After reviewing the record and the parties' briefs, however, we conclude that under the facts of this case the government was not substantially justified in appealing the district court's EAJA award. Unlike Cornella, this is not a case in which the government raised several legal issues of the first impression in the circuit in arguing that an EAJA award was not warranted. See Cornella, 741 F.2d at 172; see also Rawlings v. Heckler, 725 F.2d 1192, 1196 (9th Cir. 1984) (in holding that prevailing party was not entitled to EAJA award for fees and expenses incurred in defense of government's appeal of a district court EAJA award, the court noted that the government had raised several legal questions that were unsettled in the circuit). Nor is this a case in which, as in Cornella, the government was defending a district court ruling that the prevailing party was not entitled to an EAJA award but lost on appeal. See Cornella, 741 F.2d at 172. Rather, in this case, the government makes precisely the same arguments in contending that it was substantially justified in appealing the district court's EAJA award as it did when it appealed the district court EAJA award in the first place: that the merits of its claim against O'Crowley turned solely on the credibility of certain witnesses and that the government was thus substantially justified in attempting to hold O'Crowley liable for Arlen's unpaid withholding taxes under 26 U.S.C. § 6672. Moreover, the government appealed a district court ruling that its position in the section 6672 action was not substantially justified, rather than defended a district court's finding in its favor. In circumstances such as these, we hold that the decision of the United States to appeal the award of attorneys' fees and expenses to O'Crowley was not substantially justified. O'Crowley is therefore entitled to the fees and expenses he incurred in defending this appeal and in filing this current EAJA application.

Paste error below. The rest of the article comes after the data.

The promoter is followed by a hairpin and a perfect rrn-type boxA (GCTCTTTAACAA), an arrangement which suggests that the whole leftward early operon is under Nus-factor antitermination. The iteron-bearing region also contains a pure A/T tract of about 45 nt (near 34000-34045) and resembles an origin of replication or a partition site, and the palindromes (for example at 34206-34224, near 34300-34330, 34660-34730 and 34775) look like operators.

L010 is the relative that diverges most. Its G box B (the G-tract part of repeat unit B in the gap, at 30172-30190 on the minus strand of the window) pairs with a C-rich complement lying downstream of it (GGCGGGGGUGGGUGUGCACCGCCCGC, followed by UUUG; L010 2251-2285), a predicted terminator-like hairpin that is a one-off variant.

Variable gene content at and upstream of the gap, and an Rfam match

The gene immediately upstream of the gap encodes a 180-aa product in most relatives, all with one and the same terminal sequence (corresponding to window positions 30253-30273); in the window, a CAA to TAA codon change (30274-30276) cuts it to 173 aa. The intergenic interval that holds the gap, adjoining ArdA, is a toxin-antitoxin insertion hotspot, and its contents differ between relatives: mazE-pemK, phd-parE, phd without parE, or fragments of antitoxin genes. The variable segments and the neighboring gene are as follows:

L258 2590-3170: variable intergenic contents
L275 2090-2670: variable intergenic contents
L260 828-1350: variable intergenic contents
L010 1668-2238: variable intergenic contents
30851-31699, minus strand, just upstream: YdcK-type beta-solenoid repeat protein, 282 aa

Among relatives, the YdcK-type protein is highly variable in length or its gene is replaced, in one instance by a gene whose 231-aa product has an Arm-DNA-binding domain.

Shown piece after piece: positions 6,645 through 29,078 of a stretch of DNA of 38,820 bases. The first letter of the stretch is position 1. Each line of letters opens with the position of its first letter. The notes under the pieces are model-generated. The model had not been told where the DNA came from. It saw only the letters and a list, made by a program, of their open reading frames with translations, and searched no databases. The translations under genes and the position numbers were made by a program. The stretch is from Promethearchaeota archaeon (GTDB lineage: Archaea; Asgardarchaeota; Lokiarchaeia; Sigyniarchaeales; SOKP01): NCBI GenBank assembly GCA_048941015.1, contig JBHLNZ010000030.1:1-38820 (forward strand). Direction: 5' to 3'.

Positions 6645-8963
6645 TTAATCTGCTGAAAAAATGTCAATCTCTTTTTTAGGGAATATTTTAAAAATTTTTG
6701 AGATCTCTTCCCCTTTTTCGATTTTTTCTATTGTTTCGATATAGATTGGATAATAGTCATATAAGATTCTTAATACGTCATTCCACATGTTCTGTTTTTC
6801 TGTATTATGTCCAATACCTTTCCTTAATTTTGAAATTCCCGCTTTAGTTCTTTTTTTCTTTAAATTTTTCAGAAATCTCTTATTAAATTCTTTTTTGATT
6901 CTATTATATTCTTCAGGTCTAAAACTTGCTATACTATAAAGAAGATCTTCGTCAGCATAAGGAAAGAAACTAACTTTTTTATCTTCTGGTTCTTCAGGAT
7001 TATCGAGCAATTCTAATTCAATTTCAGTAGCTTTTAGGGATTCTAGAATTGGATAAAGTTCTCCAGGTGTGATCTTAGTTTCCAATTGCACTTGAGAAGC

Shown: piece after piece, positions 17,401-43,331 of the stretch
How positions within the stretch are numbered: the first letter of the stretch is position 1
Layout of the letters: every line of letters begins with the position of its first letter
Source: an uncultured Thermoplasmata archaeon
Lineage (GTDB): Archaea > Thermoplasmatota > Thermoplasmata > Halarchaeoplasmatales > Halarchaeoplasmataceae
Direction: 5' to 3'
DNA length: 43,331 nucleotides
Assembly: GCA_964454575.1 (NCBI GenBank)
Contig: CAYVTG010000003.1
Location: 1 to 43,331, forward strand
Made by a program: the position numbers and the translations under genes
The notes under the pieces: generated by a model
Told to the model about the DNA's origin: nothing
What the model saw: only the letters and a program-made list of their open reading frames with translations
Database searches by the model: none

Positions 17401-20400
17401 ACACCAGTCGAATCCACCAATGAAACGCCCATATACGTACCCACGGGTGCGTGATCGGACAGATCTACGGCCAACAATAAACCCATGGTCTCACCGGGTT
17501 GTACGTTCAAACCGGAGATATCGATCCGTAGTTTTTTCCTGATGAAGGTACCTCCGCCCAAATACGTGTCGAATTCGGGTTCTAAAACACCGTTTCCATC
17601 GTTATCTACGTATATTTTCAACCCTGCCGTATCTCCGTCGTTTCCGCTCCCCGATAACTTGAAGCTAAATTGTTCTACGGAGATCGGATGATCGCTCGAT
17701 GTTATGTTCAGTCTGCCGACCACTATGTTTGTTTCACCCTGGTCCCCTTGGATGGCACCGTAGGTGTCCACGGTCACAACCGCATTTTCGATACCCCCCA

Amount of fees and expenses

O'Crowley has submitted evidence documenting the amount of attorneys' fees and expenses he incurred in defending the appeal of the EAJA award and in filing this EAJA application.3  The government has not contested either the amount of hours or the hourly rate requested by O'Crowley. Although the evidence submitted by O'Crowley sufficiently supports the number of hours he claims, we find that O'Crowley is limited to a minimum rate of $75 per hour. The EAJA provides that "attorney fees shall not be awarded in excess of $75 per hour unless the court determines that an increase in the cost of living or a special factor, such as the limited availability of qualified attorneys for the proceedings involved, justifies a higher fee." 28 U.S.C.A. Sec. 2412(d) (2) (A) (ii) (West Supp.1986). O'Crowley did not present any evidence to support a higher rate and we find nothing to indicate that a fee in excess of the maximum $75 per hour rate is justified in this case. We therefore award O'Crowley $19,768.56 in attorneys' fees and expenses.